I think one of the huge problems today is the outsourcing of our children. Outsourcing became a way of business in the 1980s. If I can find a company that can make a part cheaper than I can, I will outsource that part, allowing the other company to take care of it for me.

Outsourcing is good for business . . . but not for parenting. We have become the generation that outsources almost everything in our children’s lives. We outsource their entertainment to Nintendo and Disney World. We outsource their spiritual growth to the church. We outsource their education to the schools. I read recently about parents who went to visit a professor at Harvard. Since their child had gotten a “C” in his class, they didn’t think he was doing a very good job teaching their child. Obviously, if he had been a better professor, she would have earned an “A.”

Since we outsource so many aspects of their lives, it is easy for us to blame someone else when our children don’t live up to our expectations. Instead of outsourcing, we need to return to the days of partnering-to work alongside those who are involved in our children’s lives and see what God can accomplish through us . . . together.

I have to be honest: you could not pay me enough to be a schoolteacher. I take my hat off to those who dedicate their lives and time to teach our children. As I have told you, I was not a very good student. It was not that I did not like school, it was just the principal of it. I still remember the day my principal grabbed me by the arm and shook me, yelling, “Walker, I think the devil’s got a hold of you!” I replied, “I think so, too!”

After 35 years of working with students, I have learned one thing. I now understand why animals eat their young: they do not want them to grow up to be teenagers. When I was a student, I was convinced my parents and the schoolteacher belonged to some type of secret torture society. My dad told me if I ever got a whipping at school, I would get one at home. I expected my teacher to tell me if I ever got a whipping at home, I would get one at school. I could not win. My parents and the teacher were a team.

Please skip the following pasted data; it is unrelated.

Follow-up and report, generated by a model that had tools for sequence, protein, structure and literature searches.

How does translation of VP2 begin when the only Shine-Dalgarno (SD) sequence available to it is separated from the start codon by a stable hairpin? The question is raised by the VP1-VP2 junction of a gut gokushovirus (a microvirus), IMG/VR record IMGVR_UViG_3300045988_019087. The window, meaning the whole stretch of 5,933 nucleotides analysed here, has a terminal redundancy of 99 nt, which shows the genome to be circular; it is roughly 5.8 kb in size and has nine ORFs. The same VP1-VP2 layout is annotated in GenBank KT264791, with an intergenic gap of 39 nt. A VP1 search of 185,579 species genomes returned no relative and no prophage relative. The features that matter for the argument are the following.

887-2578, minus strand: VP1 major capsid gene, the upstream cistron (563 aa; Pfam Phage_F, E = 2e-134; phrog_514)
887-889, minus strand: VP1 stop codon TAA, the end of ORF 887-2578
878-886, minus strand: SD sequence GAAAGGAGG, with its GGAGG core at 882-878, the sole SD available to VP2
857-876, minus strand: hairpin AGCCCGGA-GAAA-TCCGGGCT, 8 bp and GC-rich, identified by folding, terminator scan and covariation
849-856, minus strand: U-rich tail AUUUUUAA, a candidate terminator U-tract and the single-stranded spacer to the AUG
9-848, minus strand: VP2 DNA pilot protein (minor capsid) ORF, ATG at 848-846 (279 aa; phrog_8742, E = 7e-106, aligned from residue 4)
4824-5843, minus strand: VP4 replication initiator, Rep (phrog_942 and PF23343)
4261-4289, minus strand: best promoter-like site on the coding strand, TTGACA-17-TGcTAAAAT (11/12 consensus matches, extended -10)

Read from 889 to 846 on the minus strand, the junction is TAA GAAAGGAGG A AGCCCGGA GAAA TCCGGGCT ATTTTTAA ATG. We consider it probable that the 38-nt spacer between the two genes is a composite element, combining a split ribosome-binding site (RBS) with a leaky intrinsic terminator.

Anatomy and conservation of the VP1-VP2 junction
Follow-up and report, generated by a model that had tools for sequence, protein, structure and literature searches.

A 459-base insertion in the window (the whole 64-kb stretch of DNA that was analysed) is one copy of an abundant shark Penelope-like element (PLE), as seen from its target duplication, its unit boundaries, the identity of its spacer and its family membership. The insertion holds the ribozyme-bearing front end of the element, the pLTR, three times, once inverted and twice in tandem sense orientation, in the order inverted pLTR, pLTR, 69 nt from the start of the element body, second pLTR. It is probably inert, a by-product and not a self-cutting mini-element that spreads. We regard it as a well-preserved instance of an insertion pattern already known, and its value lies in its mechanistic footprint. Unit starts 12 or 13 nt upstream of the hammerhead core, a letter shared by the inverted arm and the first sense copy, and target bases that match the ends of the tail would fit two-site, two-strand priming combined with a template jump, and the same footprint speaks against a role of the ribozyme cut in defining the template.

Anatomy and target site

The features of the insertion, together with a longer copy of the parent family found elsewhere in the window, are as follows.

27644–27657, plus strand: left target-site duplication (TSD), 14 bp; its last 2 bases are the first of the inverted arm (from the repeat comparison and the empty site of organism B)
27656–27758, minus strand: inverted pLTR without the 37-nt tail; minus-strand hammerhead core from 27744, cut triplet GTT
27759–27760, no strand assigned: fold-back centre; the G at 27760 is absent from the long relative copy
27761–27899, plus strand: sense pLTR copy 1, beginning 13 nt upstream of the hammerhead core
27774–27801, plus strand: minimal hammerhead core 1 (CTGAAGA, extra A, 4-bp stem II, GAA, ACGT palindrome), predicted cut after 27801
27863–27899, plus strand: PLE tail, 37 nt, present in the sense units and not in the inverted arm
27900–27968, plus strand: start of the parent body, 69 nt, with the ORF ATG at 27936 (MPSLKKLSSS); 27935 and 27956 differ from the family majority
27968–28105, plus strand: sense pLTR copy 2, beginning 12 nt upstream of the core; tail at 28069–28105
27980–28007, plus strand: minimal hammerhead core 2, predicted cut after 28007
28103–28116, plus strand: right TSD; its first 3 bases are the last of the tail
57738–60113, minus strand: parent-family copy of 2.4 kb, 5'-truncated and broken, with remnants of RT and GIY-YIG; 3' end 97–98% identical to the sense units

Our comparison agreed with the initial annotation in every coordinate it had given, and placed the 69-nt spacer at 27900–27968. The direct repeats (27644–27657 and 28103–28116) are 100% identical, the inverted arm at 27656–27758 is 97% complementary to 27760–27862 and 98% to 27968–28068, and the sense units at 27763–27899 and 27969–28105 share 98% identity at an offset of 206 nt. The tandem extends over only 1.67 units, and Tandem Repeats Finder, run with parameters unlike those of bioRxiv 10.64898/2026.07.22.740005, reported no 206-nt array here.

Nowadays, it seems as though children and parents are teaming up to work against those who give their lives to teach. Read these actual excuses sent by parents to schoolteachers. (You might have to read through them twice to understand what they are really saying).

“My son is under the doctor’s care and should not take P.E. today. Please execute him.”

“Dear School: Please excuse John being absent on Jan. 28, 29, 30, 31, 32 and also 33.”

“Please excuse Ray Friday from school. He has very loose vowels.”

“Please excuse Jimmy for being. It was his father’s fault.”

“Please excuse Harriet for missing school yesterday. We forgot to get the Sunday paper off the porch and when we found it Monday, we thought it was Sunday.”

“Mary could not come to school because she has been bothered by very close veins.”

“Sally won’t be in school a week from Friday. We have to attend a funeral.”

I may not be the sharpest pencil in the box, but I think the famous Ricky Ricardo line would apply here: “Lucy, you have some ‘splainin’ to do.” Parents, you need to realize that you are ultimately responsible for your child’s emotional, physical, mental and spiritual growth. Even a company that outsources production still puts its name on the box. How does your child show the marks of your influence on his life? Even more important, how does your family show the marks of . . . Jesus?

Our children need to learn that they are under the authority of the home and the school. Only when parents, educators and churches work together will our children have the guidance they need to grow into capable, responsible, self-reliant young men and women. However, as a parent, I am not going to let school get in the way of their education. The only outsourcing I want to do is on my knees, taking my children to the Source of all life and godliness.

Heavenly Father, please give me the wisdom I need as a parent. Help me to partner with my child’s teachers, pastors and other people of influence. Thank you for loving my child even more than I do.